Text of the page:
“It is also consistent with what Pfizer announced last week. And it’s a very similar technology being used here, a novel technology. We’ve never had a vaccine that works like this, it’s what we call an RNA vaccine,” Professor Lewin told ABC Radio Melbourne.
“The Moderna and the Pfizer vaccine have the same sort of technology. This level of protection is pretty extraordinary.”
Professor Lewin said the Moderna vaccine had some differences that would make it easier to deliver to people.
Victorian Energy Minister Lily D’Ambroiso said she was unable to say on Tuesday morning what plans were in place for infection control at the Victorian-South Australia land border. She suggested a further announcement on that would be made later in the day, after consultation with SA public health officials.
“We will not make any presumptions here about what may or may not need to happen, we need to reflect on the fact that every Victorian has worked so hard for us to get to where we are now,” she said.
“The states are talking hour to hour, that will continue and very much what may or may not happen in terms of other decisions will very much depend on the information and data that come to hand.”
South Australia’s Health Minister said the state’s outbreak, now referred to as the Parafield Cluster, included 17 members of one family, two security guards and one close contact of the family.
Yesterday, Victoria, Queensland, Western Australia, Tasmania and the Northern Territory all declared South Australia a hot spot.
South Australia implemented new emergency restrictions overnight including closing gyms, while international flights carrying returning Australians have been suspended for a week.
Travellers disembarking flights from Adelaide at Melbourne’s Tullamarine airport will be interviewed by health officials but would only be required to be tested if they had come from specific areas, Victoria’s Deputy Chief Health Officer Allen Cheng confirmed on Monday.
“Temperature and symptom checking will be undertaken with these travellers,” he said in a statement.
“They will be asked to isolate and get tested if they are coming from an area of risk identified by the South Australian Government. If they refuse to get tested they will be treated as a close contact and be asked to self-isolate for 14 days.”
Professor Lewin said there was no need for panic about the South Australian cluster as the experience in NSW had shown authorities could manage outbreaks of this size.
“I don’t think we should be closing borders. I think we should be ring-fencing, or identifying this as a hotspot, sure, but not closing borders. Why should we be limiting movements for people in rural South Australia that are miles away from where this outbreak’s happened?” Professor Lewin said.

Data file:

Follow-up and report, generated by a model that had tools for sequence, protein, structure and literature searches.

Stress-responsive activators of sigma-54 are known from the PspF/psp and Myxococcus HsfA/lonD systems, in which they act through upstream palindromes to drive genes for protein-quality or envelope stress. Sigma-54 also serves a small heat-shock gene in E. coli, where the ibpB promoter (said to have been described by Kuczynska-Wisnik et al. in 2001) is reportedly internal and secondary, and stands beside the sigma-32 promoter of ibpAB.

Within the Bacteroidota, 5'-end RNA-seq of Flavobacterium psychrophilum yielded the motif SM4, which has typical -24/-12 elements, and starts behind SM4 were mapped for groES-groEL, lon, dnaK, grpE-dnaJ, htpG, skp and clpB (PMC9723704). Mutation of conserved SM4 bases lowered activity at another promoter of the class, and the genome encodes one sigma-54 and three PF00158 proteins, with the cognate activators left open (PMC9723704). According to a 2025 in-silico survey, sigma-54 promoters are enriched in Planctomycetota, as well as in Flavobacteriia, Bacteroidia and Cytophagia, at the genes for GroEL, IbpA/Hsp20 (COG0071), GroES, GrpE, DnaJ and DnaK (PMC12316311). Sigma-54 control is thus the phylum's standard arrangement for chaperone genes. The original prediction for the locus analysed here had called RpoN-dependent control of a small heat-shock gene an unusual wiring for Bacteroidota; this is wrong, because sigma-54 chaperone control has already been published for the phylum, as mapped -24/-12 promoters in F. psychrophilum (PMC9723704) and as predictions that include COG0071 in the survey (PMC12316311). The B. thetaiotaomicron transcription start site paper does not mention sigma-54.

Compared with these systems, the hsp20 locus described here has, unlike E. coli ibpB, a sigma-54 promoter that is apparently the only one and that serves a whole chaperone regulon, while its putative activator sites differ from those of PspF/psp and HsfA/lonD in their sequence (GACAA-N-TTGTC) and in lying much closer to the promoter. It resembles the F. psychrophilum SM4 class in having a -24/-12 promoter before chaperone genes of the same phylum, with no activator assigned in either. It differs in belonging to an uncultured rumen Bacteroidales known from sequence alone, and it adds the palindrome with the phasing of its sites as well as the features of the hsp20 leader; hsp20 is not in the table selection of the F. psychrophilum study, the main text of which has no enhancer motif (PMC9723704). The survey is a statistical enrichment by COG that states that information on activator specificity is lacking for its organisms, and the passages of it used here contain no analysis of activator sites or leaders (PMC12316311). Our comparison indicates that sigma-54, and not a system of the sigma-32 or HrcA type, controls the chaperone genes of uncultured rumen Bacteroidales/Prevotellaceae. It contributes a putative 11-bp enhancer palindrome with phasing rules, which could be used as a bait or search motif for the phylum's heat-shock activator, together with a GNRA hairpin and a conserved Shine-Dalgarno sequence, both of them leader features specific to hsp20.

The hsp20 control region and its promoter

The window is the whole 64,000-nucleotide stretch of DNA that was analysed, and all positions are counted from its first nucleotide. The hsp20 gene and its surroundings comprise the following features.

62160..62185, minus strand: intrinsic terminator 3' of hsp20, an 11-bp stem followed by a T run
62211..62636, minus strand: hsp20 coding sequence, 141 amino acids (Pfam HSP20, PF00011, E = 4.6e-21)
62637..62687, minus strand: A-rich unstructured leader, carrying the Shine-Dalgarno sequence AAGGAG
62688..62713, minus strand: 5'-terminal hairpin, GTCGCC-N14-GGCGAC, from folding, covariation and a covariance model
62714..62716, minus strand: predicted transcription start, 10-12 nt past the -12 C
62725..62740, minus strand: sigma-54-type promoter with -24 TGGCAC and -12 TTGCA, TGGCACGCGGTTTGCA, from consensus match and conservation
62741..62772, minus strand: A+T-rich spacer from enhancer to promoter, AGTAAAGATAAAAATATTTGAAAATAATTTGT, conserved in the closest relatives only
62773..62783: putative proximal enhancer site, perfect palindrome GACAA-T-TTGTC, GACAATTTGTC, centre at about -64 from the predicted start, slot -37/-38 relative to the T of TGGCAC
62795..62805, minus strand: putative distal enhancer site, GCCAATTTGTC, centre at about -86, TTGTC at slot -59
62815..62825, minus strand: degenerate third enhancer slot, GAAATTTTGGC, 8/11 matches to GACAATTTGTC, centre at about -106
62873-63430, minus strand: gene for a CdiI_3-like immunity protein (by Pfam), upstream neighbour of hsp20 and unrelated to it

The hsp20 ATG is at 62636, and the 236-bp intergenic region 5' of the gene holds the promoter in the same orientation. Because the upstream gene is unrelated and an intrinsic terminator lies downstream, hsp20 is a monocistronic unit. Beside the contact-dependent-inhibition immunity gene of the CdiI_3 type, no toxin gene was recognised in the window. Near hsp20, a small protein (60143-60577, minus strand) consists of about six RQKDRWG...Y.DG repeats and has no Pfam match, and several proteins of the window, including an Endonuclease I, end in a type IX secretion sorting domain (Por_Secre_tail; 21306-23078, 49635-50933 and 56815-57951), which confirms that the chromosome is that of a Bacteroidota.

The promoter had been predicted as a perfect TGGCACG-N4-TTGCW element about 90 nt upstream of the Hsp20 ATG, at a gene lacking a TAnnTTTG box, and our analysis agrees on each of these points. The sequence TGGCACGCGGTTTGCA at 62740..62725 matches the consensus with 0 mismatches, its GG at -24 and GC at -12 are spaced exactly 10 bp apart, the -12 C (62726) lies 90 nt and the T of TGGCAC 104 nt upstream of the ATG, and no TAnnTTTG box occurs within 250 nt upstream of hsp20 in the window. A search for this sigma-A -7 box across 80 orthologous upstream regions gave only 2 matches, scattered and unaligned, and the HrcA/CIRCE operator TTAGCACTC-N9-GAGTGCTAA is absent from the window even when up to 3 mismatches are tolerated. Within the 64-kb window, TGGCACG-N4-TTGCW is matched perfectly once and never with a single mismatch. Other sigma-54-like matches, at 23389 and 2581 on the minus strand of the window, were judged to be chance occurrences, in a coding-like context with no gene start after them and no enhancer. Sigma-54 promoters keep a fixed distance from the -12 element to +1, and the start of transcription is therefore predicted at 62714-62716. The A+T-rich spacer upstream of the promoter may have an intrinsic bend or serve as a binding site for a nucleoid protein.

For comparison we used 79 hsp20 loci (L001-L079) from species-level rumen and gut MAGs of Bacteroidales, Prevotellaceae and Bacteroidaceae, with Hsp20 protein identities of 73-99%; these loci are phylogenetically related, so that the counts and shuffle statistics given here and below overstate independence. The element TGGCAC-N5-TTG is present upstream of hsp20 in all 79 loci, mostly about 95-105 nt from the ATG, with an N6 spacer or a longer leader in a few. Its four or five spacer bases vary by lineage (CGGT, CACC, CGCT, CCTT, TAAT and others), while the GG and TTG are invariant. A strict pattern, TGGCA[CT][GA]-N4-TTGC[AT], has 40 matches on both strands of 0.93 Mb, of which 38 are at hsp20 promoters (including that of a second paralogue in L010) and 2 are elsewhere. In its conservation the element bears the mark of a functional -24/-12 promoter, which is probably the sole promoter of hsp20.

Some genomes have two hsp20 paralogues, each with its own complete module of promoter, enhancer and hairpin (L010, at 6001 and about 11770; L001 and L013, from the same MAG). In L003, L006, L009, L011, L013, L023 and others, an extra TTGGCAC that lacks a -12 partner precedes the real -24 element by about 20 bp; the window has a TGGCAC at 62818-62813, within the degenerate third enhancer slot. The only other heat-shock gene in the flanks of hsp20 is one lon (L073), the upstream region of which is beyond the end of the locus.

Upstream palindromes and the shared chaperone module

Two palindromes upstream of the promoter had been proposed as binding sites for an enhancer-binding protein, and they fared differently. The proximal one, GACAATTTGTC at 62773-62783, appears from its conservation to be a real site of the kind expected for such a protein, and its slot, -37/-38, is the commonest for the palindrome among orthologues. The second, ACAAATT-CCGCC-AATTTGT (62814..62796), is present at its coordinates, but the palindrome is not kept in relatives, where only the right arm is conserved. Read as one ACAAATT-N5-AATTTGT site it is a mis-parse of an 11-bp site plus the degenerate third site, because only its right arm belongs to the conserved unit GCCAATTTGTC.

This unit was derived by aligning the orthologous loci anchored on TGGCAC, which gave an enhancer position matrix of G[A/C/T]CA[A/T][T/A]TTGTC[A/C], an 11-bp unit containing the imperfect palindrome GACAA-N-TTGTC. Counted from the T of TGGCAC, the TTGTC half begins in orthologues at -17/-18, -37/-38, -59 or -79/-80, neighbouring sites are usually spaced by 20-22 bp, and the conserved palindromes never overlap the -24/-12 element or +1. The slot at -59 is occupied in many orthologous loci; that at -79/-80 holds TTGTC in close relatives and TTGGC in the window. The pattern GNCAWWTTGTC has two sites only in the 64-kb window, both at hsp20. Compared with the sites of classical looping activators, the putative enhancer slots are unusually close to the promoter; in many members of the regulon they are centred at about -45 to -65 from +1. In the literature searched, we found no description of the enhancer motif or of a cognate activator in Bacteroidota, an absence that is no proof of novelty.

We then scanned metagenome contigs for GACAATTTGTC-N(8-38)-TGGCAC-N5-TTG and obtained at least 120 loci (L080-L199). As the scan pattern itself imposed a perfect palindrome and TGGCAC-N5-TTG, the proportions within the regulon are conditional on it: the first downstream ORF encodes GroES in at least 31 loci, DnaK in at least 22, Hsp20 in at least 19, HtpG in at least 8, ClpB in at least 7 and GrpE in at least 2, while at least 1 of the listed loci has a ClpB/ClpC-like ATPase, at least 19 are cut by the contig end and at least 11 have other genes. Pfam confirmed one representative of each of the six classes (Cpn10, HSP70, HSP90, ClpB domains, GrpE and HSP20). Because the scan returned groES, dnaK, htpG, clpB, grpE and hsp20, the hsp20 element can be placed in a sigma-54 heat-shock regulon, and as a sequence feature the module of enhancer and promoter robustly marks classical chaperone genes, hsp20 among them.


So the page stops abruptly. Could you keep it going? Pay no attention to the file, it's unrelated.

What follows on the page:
On Monday, Victorian Premier Daniel Andrews implied security guards may have played a role in the transmission of the virus from the hotel into the South Australian community.
But Mr Wade on Tuesday said although public health authorities were “confident” that Adelaide’s Peppers Hotel was the source, the first case had still not conclusively been identified.
“Three of the staff at the medi-hotel have tested positive, but one of those people is a back-of-house person who would have had negligible contact with residents,” he told ABC Radio National’s breakfast program.
Professor Lewin said hotel quarantine programs had, overall, been working well.
“Of course when you have a breach like this, it can be catastrophic as we saw in Melbourne. But then, we’ve seen breaches that have been controlled very quickly.
“If you look at all the number of people that have been in quarantine, this is rare but it can happen.”
Mr Wade said two of the infected family members in South Australia who were aged care workers had only worked at a single facility – Anglicare SA aged care in Brompton – while infectious.
“We are yet to have a single case of COVID-19 amongst a resident of a residential aged care facility,” he said.
In response to the cluster, South Australia re-introduced strict controls on aged care workers, limiting them to work at one site and to wearing masks when social distancing isn’t possible.
Aged care infections led to the bulk of COVID-19 deaths in Victoria – 652 of the state’s 819 deaths were linked to nursing homes.
- With Josh Dye and Kate Lahey
Rachael Dexter is a breaking news reporter at The Age.